p450 - publications

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1. Br J Haematol. 2012 May 10. doi: 10.1111/j.1365-2141.2012.09150.x. [Epub ahead of
print]

Polymorphisms in VKORC1 have more impact than CYP2C9 polymorphisms on early
warfarin International Normalized Ratio control and bleeding rates.

Lund K, Gaffney D, Spooner R, Etherington AM, Tansey P, Tait RC.

Department of Haematology, Royal Infirmary, Glasgow, UK.

Poor warfarin control with resultant high International Normalized Ratios (INRs)
and bleeding events is most common during the first months of treatment. The
effects of genetic polymorphisms at the vitamin K epoxide reductase [VKORC1] and
cytochrome P450 2C9 [CYP2C9] loci have been increasingly acknowledged as
contributory factors of enhanced warfarin sensitivity. In our prospective,
blinded study, 557 patients (49·1% male, mean age 65·4 years, range 18-91 years)
commencing warfarin (target INR 2·5) were genotyped and monitored through the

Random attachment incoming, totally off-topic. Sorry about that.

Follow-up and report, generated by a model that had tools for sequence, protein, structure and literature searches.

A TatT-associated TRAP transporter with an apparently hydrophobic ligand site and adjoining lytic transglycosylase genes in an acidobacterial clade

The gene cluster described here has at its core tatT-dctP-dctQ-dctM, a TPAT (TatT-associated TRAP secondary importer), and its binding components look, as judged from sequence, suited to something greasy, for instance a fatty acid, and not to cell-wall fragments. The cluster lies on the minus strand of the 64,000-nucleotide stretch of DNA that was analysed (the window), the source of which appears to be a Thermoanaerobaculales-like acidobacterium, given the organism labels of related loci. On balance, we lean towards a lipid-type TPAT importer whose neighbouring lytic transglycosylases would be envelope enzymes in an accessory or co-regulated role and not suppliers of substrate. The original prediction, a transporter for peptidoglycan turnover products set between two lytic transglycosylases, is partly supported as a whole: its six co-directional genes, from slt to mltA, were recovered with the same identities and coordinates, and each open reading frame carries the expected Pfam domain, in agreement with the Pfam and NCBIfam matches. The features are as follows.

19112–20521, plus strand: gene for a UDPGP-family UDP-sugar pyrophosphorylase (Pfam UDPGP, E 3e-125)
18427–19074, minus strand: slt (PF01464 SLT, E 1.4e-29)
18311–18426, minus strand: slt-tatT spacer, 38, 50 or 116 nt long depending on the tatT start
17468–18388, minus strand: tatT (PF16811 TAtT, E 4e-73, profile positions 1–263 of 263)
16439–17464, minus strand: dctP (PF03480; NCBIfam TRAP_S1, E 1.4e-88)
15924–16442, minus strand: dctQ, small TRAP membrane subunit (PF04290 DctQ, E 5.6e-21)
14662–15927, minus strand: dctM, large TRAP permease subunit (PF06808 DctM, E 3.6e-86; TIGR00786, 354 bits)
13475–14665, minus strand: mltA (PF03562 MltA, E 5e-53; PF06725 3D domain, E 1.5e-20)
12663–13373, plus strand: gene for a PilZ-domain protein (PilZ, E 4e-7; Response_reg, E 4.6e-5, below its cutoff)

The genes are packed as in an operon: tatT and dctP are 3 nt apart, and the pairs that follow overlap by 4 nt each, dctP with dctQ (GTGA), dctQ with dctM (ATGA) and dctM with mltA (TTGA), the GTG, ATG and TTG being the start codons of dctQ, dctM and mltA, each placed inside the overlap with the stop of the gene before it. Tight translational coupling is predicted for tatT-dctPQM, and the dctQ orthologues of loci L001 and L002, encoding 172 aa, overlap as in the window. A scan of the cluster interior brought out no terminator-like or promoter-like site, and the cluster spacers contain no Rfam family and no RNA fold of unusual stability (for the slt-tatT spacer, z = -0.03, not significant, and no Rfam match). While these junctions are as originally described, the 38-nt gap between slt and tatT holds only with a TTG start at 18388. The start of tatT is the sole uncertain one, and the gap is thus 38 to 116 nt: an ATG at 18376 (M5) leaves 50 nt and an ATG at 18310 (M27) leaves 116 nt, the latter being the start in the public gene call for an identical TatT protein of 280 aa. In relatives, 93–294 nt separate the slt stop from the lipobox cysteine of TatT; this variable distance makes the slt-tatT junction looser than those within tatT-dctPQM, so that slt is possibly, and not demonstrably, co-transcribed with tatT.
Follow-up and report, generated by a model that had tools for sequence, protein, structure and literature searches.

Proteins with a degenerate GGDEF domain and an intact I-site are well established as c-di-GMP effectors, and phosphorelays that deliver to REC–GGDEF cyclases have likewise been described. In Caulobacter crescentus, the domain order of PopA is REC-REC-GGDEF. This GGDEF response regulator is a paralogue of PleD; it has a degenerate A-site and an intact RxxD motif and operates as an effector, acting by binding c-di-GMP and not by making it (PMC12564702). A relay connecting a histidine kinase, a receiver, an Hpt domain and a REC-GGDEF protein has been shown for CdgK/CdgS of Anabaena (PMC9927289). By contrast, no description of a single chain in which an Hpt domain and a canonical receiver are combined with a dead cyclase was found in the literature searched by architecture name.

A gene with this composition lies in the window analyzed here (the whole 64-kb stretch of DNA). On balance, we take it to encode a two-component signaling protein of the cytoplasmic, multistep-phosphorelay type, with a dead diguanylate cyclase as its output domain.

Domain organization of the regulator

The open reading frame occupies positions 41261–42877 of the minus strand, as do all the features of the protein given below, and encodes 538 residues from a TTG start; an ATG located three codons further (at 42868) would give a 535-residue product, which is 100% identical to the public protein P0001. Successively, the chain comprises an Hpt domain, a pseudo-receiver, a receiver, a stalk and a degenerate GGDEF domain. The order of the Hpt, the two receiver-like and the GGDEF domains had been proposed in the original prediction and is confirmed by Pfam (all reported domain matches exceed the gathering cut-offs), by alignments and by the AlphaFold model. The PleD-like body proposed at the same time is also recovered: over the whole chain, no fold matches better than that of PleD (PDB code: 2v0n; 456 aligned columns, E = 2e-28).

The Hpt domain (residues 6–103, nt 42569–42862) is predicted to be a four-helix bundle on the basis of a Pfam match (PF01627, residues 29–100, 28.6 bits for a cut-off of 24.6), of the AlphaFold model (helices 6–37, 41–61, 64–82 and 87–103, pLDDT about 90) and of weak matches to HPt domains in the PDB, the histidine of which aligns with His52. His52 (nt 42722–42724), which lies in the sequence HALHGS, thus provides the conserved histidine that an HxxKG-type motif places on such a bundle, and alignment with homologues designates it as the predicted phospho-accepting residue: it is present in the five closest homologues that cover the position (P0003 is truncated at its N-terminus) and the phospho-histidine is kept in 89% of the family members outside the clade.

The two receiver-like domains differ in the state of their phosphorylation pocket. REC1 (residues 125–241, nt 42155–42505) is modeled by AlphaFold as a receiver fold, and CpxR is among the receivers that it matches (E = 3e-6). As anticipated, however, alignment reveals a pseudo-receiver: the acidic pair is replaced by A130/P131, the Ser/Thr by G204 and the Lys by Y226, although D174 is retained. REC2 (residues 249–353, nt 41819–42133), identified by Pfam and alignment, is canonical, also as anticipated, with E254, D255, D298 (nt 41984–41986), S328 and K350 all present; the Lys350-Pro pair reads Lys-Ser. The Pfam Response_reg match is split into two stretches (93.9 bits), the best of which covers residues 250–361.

first 3 months of anticoagulation. Homozygosity for the -1639 G>A single
nucleotide functional promoter polymorphism of the VKORC1 gene (genotype AA;
14·5% of cases) was associated with a significantly shortened time to therapeutic
INR ≥ 2 (P < 0·01), reduced stable warfarin dose (P < 0·01), and an increased
number of INRs > 5 (P < 0·001) and occurrence of bleeding events (P < 0·01)
during the first month, as compared to the GG genotype. CYP2C9 genetic variations
*2 and *3 were not associated with significant effect on these factors. Neither
VKORC1 nor CYP2C9 polymorphisms influenced these parameters beyond the first
month of treatment. These findings imply possible benefits of assessing VKORC1
polymorphisms prior to anticoagulation, particularly as a low dose induction
regime in VKORC1 AA individuals appears to reduce the incidence of high INRs.

© 2012 Blackwell Publishing Ltd.

PMID: 22571356 [PubMed - as supplied by publisher]